Alternatively, for a front-row seat, why not add a raised bed with integral seating or a bench with planters at either end? WoodBlocX have a number of kits for both of these options, or you could use their free design service to create a bespoke bed or seat to turn your garden into a wildlife theatre!

    WoodBlocX uses only sustainably-sourced timber, and other components are created from recycled materials, so its environmental credentials are already very high making the application of WoodblocX products a safe and superior choice for your garden.

  • Right Plant Right Place: what does it mean?

    You may have heard gardeners talking about the ‘right plant right place’ principle, but what does it actually mean?

    In essence, it refers to working with Mother Nature rather than against her. By looking to a plant’s origins – where in the world it is from, the kind of environment it has evolved to grow in – we can ensure that we give it that same environment in our garden and maximise its chances of success.

    For example, if a rosemary plant, which has adapted to free-draining soil and the hot, dry weather of the Mediterranean, was planted in a boggy, cold spot in the garden, it would quickly wither and die. Similarly, if a hosta, whose large, thin leaves are adapted to maximise sunlight absorption in the dappled shade of damp forests was to be planted in a hot, sunny spot, its leaves would scorch and the plant would die. Raised beds are a brilliant way to create the perfect environment for plants that we might not otherwise be able to grow.

    The right soil is a crucial component for creating a specific environment, and by using a raised bed, it’s possible to mix together the exact type of soil different plant groups need. Here are some ideas of plants you could grow:

    • Acidic soils. Blueberries, cranberries, rhododendrons and camellias all need a soil with an acidic pH. If your garden has neutral or alkaline soil, but you’d like to grow these fruits and flowers, why not grow them in a raised bed? Alternatively, a specimen camellia would look great in a wooden planter, which gives the roots more space than a pot.
    • Plants from dry areas and hot countries – such as alpines and succulents – will prefer a shallow raised bed, and mix some gravel in with the topsoil as you fill it. 
    • If you’ve got a shady part of the garden that would be perfect for woodland plants such as primroses and bluebells, but that has no actual soil – perhaps by a door or in a passageway – why not put in a small or narrow raised bed to grow these plants and bring some life to the area? WoodBlocX can design beds to your specific needs, and have a large number of kits in a variety of shapes and sizes.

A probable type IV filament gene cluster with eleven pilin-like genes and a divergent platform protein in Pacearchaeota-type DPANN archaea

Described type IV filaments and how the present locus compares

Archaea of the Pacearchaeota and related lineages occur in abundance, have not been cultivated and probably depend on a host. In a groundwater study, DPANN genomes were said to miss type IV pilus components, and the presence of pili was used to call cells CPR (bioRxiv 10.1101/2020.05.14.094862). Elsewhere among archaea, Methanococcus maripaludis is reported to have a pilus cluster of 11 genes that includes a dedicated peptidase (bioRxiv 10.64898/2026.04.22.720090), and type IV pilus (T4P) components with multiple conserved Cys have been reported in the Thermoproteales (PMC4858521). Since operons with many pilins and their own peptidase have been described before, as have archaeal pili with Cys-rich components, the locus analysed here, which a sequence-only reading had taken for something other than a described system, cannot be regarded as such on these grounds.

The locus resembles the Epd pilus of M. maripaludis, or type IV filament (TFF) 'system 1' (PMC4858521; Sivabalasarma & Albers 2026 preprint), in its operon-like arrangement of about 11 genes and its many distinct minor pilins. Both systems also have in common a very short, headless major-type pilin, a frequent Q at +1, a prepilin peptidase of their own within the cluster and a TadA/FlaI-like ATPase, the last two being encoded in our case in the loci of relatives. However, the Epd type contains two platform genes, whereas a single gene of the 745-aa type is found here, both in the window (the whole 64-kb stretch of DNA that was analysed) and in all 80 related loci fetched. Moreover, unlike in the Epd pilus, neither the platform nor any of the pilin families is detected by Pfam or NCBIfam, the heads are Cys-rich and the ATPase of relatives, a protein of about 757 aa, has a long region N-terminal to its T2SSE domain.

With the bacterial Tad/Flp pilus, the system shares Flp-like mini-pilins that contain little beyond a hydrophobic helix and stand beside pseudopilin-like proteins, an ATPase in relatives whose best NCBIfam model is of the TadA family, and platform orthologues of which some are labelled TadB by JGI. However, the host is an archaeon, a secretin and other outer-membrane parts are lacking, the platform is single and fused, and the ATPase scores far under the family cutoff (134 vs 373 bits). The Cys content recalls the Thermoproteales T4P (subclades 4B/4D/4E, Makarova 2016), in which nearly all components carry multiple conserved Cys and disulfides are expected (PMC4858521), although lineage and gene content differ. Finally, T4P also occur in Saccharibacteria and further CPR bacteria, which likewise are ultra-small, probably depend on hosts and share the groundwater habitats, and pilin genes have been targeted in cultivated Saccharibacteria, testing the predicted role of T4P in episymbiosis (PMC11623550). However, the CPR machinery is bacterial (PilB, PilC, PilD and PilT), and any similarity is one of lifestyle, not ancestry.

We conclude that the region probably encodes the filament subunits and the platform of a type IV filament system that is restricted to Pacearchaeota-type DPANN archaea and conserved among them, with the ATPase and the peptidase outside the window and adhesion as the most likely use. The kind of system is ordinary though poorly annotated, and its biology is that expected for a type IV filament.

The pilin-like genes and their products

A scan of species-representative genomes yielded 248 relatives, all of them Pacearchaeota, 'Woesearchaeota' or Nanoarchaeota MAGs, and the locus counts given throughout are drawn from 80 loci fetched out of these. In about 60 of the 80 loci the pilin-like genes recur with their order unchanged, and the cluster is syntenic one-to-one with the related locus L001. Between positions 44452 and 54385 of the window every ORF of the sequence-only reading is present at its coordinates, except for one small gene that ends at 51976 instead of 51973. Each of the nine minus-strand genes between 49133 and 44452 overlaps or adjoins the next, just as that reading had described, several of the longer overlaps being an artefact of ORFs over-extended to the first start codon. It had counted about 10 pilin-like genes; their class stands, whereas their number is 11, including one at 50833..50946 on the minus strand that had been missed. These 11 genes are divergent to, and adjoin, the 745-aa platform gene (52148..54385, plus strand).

Finally, don’t forget that raised beds can also offer several different soil environments in one bed: by segmenting the bed into different areas, and even different heights, the bed can accommodate separate plant groups in one area, which would never be possible in the open ground. WoodBlocX offer corner bedsrectangular beds and octagonal raised beds in a range of height and size combinations. For example, to create a herb bed to grow the full range of culinary herbs, use the shallowest part for the rosemary, sage and thymes, a deeper area for chives, lovage and lemon balm, which prefer a richer, moister soil, and a separate area for mints, which tend to rampage over other plants and are best contained within their own area.

  • Big Dreams Small Spaces

    Did you watch the first episode of the new series of ‘Big Dreams Small Spaces’? If you did, you’d have been treated to loads of beautiful shots of WoodBlocX being used in Glenn and Zoe’s garden transformation project! Monty Don was on hand to help the couple revitalise the awkwardly shaped green space into something magical.
    During the programme, Glenn and Zoe wanted to find a way to make their very steep garden more enjoyable by implementing level pathways and retaining walls. The solution was, of course, WoodBlocX! Glenn had heard of WoodBlocX beforehand, but had no first-hand experience building with the system itself. The team got straight to work planning and plotting the redesigned garden and assembled their bespoke WoodBlocX kit in a short space of time.
    “For the terrace we’re going to use WoodBlocX, built with a peg system, and they’re relatively easy to put together,” Glenn said on the programme. “Once you’ve got them level and square, it’s just like a big LEGO set made of wood!”
    In case you missed it, the full episode is available on BBC iPlayer right now.
  • Timber systems versus railway sleepers

    When considering the options for your garden building project – whether it be raised bedsplantersbenches or more, timber is often at the top of the list. It’s a natural product, relatively easy to use and cheap. Boards and planking can warp and bow over time however and cannot be guaranteed to be strong or durable enough, so railway sleepers are often seemed to be the only timber option. However, a modular timber system such as WoodBlocX has many advantages over sleepers.

    Construction

    • Sleepers are very heavy and awkward to handle. Their size can mean they are difficult to get into the garden, and you’ll need help to get them there and into place.